'Non-existent and misconceived grounds', says Allahabad High Court quashing detention order against 6 CAA-NRC protestors

  • Salil Tiwari
  • 04:08 PM, 02 Dec 2021

The Allahabad High Court last week quashed detention orders against 6 persons who were lodged in District Jail, Mau (Uttar Pradesh) after their participation in the violent demonstration against the N.R.C./C.A.A. that took place on December 16, 2019 in Mau.

The division bench of Justices Sadhna Rani (Thakur), Sunita Agarwal was dealing with a batch of Habeas Corpus pleas wherein directions were sought for quashing the District Magistrate’s detention order and State Government’s extension order of three months.

The bench quashed both the orders on two counts, first that petitioners were not given proper opportunity of making representation against the order of detention under Section 3(2) of the National Security Act (NSA) and second that while passing the detention orders, the DM, Mau had recorded his satisfaction without verification of the information supplied to him.

Court said that by the time petitioners’ representation pertaining to the DM’s detention order reached the State Advisory Board for reconsideration, the original detention order had expired.

Therefore, taking into account Section 10 of the NSA, which mandates that the grounds of detention as also the affected person’s representations have to be placed before the State Advisory Board with three weeks from the date of detention, the Court held,

“The non-compliance of the mandatory provision of Section 10 of the NSA renders the detention orders illegal.”

The Court also said, “Article 22(5) of the Constitution cast obligation upon the authority making the detention order to afford the earliest opportunity of making representation against the order of detention and it is a constitutional obligation of the Government to consider the representation forwarded by the detenue without any delay.”

Further noting that “the delay caused on account of any indifference, slackness or callous attitude of the authority/Government at any stage of the decision-making process, if remained unexplained, cannot be condoned ” the Court, held DM’s detention order as illegal.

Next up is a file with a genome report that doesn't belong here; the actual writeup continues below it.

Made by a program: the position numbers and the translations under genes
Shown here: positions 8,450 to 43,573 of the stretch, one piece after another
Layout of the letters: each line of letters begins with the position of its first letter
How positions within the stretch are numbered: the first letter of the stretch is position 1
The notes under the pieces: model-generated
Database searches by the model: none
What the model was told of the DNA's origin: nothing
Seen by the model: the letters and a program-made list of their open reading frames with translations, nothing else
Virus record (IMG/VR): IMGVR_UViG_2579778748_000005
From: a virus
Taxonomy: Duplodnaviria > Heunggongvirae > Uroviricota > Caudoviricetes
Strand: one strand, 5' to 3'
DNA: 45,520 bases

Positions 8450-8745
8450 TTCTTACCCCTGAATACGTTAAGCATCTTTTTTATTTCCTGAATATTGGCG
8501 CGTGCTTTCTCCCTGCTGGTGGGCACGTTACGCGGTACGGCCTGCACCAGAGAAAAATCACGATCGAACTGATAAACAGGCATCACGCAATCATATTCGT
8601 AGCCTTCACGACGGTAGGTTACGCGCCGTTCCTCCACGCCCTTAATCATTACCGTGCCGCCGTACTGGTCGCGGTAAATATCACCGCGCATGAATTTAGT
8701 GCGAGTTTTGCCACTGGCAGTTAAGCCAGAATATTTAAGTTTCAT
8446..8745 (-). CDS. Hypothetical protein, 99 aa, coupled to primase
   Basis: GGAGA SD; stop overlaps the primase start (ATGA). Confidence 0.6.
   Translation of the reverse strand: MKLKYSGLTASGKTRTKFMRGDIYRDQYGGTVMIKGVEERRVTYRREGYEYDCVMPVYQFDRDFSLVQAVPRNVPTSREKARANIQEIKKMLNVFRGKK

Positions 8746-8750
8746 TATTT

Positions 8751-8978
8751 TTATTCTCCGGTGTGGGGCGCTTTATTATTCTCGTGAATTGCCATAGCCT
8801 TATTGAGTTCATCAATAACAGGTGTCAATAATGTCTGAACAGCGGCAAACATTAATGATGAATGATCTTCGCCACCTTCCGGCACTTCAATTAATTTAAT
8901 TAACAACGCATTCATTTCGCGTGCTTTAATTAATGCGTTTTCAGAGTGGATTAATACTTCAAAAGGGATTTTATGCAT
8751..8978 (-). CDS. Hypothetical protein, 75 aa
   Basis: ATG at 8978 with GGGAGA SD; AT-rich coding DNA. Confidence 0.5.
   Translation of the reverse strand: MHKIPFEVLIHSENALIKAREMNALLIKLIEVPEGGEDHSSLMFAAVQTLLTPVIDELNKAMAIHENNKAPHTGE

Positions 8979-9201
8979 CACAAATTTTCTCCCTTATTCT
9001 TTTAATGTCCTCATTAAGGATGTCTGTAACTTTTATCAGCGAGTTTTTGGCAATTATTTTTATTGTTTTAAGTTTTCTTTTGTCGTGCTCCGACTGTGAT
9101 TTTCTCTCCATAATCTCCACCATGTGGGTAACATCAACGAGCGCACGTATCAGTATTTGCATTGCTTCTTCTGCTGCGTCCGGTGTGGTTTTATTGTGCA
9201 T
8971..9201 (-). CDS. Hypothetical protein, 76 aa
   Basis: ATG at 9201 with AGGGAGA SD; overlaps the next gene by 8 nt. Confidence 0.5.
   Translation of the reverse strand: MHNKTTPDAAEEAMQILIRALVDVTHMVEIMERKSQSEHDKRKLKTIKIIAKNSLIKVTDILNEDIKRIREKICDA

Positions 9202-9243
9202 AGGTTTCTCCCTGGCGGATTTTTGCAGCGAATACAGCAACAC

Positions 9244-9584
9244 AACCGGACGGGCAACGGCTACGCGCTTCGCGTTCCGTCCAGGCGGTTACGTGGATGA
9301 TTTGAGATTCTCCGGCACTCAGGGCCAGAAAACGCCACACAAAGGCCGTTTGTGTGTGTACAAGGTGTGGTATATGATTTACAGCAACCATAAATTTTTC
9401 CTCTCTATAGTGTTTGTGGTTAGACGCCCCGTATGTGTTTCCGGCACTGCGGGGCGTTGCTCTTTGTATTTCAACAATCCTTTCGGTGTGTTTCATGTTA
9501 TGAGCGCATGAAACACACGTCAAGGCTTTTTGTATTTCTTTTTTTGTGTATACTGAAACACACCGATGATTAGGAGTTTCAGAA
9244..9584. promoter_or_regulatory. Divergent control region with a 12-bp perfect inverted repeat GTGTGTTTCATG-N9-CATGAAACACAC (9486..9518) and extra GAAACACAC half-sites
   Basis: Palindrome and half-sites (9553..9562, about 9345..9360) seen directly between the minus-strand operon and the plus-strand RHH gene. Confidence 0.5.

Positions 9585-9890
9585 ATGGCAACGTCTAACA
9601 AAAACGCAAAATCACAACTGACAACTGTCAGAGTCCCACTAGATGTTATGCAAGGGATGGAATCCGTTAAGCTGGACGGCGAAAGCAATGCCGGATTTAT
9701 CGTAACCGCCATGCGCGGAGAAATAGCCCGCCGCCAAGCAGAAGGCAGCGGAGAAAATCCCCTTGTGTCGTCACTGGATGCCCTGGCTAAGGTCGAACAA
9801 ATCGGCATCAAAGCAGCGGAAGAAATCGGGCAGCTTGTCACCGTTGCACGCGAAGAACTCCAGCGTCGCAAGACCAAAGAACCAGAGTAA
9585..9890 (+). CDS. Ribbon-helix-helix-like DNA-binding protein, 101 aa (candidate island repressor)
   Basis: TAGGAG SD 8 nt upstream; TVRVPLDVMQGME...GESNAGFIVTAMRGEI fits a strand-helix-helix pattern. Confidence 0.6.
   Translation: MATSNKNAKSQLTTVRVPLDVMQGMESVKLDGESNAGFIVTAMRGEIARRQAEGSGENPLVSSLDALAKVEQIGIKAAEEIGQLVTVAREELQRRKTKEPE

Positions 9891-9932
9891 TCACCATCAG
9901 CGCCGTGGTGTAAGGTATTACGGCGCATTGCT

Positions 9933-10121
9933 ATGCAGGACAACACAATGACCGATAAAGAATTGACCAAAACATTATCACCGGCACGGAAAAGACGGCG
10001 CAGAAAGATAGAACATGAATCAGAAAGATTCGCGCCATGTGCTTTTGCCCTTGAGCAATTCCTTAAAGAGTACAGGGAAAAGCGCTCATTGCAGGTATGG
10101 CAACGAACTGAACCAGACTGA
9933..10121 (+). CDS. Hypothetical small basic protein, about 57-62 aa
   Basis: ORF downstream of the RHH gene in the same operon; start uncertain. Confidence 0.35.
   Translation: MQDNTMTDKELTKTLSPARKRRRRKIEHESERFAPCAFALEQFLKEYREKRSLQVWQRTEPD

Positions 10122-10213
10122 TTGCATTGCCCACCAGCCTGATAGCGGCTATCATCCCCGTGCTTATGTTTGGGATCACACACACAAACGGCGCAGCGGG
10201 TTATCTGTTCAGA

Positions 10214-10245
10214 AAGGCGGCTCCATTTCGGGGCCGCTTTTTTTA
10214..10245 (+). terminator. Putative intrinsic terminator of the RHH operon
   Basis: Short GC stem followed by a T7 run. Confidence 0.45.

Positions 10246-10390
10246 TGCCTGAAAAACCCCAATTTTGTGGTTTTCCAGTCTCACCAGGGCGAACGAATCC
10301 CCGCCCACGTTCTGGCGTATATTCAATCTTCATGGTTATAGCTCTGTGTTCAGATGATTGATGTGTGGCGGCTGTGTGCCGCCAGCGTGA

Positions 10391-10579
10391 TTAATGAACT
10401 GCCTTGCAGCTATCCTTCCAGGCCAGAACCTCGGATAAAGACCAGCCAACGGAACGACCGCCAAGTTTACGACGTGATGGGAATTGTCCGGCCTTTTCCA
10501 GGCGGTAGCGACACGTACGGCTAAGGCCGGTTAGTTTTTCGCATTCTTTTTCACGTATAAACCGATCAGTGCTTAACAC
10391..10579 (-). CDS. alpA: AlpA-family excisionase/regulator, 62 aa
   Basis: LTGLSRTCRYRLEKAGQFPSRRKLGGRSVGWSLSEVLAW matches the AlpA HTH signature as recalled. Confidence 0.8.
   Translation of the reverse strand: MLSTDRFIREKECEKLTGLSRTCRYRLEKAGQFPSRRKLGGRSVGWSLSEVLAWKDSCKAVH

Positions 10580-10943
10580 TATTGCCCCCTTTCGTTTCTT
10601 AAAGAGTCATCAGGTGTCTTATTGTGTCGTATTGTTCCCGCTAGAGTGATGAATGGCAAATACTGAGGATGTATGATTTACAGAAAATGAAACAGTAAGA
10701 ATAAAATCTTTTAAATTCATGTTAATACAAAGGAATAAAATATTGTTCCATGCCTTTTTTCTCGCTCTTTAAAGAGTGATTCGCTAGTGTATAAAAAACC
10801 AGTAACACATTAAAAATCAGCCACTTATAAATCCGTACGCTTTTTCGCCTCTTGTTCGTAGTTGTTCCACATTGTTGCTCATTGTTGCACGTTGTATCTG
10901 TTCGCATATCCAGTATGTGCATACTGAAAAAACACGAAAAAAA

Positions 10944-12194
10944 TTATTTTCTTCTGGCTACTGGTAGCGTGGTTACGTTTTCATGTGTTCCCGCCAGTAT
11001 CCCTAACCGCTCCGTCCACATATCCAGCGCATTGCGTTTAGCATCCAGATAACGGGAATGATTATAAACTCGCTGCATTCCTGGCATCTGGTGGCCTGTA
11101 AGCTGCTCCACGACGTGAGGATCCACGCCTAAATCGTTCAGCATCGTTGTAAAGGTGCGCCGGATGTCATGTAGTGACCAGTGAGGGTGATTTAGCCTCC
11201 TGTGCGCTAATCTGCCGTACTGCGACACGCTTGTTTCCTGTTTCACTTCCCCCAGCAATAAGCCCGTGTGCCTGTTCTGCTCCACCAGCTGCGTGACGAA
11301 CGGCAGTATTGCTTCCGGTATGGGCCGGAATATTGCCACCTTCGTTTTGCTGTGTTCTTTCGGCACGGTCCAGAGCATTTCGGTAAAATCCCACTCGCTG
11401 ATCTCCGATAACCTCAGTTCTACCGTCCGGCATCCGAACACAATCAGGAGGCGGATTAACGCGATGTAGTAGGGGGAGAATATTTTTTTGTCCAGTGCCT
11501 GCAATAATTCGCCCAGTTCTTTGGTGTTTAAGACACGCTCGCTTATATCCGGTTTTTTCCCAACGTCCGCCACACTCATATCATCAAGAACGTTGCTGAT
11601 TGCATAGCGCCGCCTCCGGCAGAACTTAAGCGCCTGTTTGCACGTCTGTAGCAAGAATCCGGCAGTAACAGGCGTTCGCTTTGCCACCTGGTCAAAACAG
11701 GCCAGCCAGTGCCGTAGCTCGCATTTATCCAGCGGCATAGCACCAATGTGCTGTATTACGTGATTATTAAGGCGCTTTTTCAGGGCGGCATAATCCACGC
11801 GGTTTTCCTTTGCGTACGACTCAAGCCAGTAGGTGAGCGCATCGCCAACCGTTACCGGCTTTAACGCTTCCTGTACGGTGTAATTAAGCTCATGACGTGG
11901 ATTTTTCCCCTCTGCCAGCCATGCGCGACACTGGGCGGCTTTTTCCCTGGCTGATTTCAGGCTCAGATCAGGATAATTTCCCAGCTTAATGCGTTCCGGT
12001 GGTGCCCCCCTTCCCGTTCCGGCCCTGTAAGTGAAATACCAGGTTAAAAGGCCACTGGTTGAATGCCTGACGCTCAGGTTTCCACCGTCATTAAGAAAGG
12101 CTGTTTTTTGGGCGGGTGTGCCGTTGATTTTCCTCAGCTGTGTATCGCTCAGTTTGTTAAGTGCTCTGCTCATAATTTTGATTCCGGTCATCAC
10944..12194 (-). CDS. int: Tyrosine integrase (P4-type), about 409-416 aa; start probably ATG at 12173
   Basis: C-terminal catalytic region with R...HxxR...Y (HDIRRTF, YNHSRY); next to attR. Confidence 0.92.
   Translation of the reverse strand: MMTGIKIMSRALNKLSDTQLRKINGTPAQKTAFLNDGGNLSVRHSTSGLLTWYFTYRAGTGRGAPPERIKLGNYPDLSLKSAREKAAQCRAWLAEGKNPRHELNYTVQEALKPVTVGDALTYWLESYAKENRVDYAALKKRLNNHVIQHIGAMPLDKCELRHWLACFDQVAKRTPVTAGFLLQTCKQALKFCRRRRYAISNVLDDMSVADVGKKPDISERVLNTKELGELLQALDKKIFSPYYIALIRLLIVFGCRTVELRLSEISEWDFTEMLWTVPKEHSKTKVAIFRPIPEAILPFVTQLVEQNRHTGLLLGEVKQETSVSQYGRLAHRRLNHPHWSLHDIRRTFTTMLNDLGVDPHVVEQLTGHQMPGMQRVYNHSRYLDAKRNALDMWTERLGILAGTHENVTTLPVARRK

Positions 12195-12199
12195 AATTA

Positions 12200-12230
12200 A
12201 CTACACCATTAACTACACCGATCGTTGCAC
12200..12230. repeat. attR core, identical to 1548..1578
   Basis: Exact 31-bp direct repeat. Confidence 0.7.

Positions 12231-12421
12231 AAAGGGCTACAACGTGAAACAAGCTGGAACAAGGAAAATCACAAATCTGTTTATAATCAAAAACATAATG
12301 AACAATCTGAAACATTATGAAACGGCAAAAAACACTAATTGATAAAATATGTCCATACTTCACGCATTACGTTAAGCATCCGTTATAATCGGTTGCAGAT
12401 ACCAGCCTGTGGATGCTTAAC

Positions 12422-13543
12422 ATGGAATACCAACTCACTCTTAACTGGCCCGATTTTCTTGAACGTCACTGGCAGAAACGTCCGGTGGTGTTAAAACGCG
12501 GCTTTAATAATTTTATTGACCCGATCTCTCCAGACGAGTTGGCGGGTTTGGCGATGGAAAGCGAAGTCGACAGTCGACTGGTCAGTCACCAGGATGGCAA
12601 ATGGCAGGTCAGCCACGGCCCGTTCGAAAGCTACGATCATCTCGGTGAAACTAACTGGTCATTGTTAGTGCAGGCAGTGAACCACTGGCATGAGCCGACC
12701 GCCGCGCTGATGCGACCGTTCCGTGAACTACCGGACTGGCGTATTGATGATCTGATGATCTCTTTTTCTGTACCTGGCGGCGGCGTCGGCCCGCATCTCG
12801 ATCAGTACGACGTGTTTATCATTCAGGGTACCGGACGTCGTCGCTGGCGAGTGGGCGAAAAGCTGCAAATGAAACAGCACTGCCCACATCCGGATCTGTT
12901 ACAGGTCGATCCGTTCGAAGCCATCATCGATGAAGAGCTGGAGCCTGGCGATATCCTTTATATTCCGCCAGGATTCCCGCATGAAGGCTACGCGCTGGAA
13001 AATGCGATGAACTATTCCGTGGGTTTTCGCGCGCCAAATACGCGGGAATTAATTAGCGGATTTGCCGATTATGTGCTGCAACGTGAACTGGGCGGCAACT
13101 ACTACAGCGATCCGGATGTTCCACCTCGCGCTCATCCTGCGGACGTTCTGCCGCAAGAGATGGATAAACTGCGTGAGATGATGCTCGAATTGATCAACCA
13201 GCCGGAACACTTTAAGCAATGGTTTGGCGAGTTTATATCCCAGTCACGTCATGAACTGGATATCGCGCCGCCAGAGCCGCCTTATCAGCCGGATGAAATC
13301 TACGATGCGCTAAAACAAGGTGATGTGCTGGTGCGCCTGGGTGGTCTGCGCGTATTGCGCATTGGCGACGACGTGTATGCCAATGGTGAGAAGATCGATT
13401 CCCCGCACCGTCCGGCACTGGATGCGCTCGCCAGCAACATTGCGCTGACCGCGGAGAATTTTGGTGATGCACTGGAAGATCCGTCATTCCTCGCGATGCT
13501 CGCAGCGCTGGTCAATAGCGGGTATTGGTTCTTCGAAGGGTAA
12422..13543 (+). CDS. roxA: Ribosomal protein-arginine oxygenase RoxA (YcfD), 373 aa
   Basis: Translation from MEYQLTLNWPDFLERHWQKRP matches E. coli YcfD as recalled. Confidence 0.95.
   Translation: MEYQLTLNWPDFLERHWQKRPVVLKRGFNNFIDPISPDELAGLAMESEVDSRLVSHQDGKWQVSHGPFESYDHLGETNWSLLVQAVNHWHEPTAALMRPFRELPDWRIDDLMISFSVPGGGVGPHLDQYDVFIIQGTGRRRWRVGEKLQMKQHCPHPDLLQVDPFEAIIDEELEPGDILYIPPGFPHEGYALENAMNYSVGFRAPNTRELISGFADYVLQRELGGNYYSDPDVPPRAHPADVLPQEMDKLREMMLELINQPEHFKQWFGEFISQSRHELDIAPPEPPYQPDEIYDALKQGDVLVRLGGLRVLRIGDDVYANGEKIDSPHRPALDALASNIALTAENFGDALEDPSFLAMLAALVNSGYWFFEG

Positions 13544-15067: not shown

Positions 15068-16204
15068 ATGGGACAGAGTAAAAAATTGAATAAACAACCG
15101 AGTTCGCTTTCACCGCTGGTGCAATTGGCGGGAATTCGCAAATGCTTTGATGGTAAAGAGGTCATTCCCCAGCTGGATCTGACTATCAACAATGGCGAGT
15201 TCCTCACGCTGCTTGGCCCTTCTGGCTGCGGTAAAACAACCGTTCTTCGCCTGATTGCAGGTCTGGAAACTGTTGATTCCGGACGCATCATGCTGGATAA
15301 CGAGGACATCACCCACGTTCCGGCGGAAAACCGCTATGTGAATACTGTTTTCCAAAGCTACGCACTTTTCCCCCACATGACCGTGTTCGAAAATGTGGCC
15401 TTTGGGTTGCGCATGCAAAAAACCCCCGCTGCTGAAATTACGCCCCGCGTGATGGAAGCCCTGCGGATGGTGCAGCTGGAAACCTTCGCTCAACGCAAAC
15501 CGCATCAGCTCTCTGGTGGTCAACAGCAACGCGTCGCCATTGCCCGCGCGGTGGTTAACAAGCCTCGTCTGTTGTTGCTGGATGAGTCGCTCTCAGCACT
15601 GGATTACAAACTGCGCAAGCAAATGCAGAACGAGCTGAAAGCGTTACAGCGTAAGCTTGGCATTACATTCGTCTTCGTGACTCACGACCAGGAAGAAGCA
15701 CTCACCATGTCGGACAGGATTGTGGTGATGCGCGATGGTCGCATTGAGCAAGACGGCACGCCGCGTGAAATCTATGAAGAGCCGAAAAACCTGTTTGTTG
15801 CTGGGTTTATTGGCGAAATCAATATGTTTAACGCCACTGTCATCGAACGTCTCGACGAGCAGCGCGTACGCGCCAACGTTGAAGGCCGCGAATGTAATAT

Furthermore, deliberating upon the second objection raised by the petitioners’ counsel that the satisfaction recorded by the District Magistrate, the detaining authority was not based on any cogent material, the Court took on record all the rival contentions. 

There was a report of the Incharge Inspector, Police Station Dakshin Tola, Mau on record which stated that the public order and peace in the district Mau got completely disturbed on account of the protests against CAA-NRC on December 16, 2019 and as per beat information, the detenues who were lodged in jail had been telling their friends and relatives that they would repeat the same crime again and the incident this time would be bigger than the last one.

However, it was argued by one petitioner that these allegations were totally false and baseless, inasmuch as, during Covid-19 times, no visitors were allowed in the District Jail, Mau and no person in jail was permitted to meet his friends and relatives.

However, the Deputy Jailer, District Jail, Mau in his deposition had stated that though the petitioners had not met anyone of their friends, relatives, but the facility of telephonic conversation had been provided to the petitioner and his friends and relatives could talk through telephone.

Taking note of submissions of both the parties, the court rejected Deputy Jailer of Mau jail’s assertion about the facility of telephonic conversation and held them vague.

Noting that DM, Mau had relied upon these vague submissions of the Police and jail authorities to record his satisfaction, the Court held,

The incorporation of non-existent and misconceived ground in the material placed before the detaining authority to influence its decision to pass the order of detention, would make the detention order invalid. The flaw in the decision making process in recording satisfaction by the detaining authority without verification of the information supplied to it makes the whole process illegal.”

Thus, in both the above counts, the Court allowed the present writ petitions.

However, as the detention orders have outlived their life for the fact that the writ petitions could be heard only after the expiry of the maximum period of twelve months as prescribed in Section 13 of the National Security Act, 1980, no other direction were issued.

The Court, however, clarified that the petitioners could not be kept under further detention.

The backdrop

An incident had occurred on December 16, 2019 in Mau, UP following which a first information report (FIR) was lodged against 85 named persons and 600 unnamed persons involving the present petitioners.

Following that FIR, the SHO of the concerned Police station had submitted a report to the Superintendent of Police, District Mau and pursuant thereto, the SP (Mau) had requested the DM, Mau to detain the petitioners by invoking powers under Section 3(2) of the NSA.

Thereafter, DM, Mau on September 3, 2020, had passed separate orders for detention of the petitioners recording his satisfaction that the detention of the petitioner(s) was necessary in order to prevent them from acting in any manner prejudicial to the maintenance of the public order.

At the time of the passing of the detention order, the petitioners herein were already in custody in the District Jail, Mau for the criminal cases lodged against them.

Cause Title: Munvwar @ Razai @ Munawar Ali and Anr v. UOI and Ors. & 5 other petitions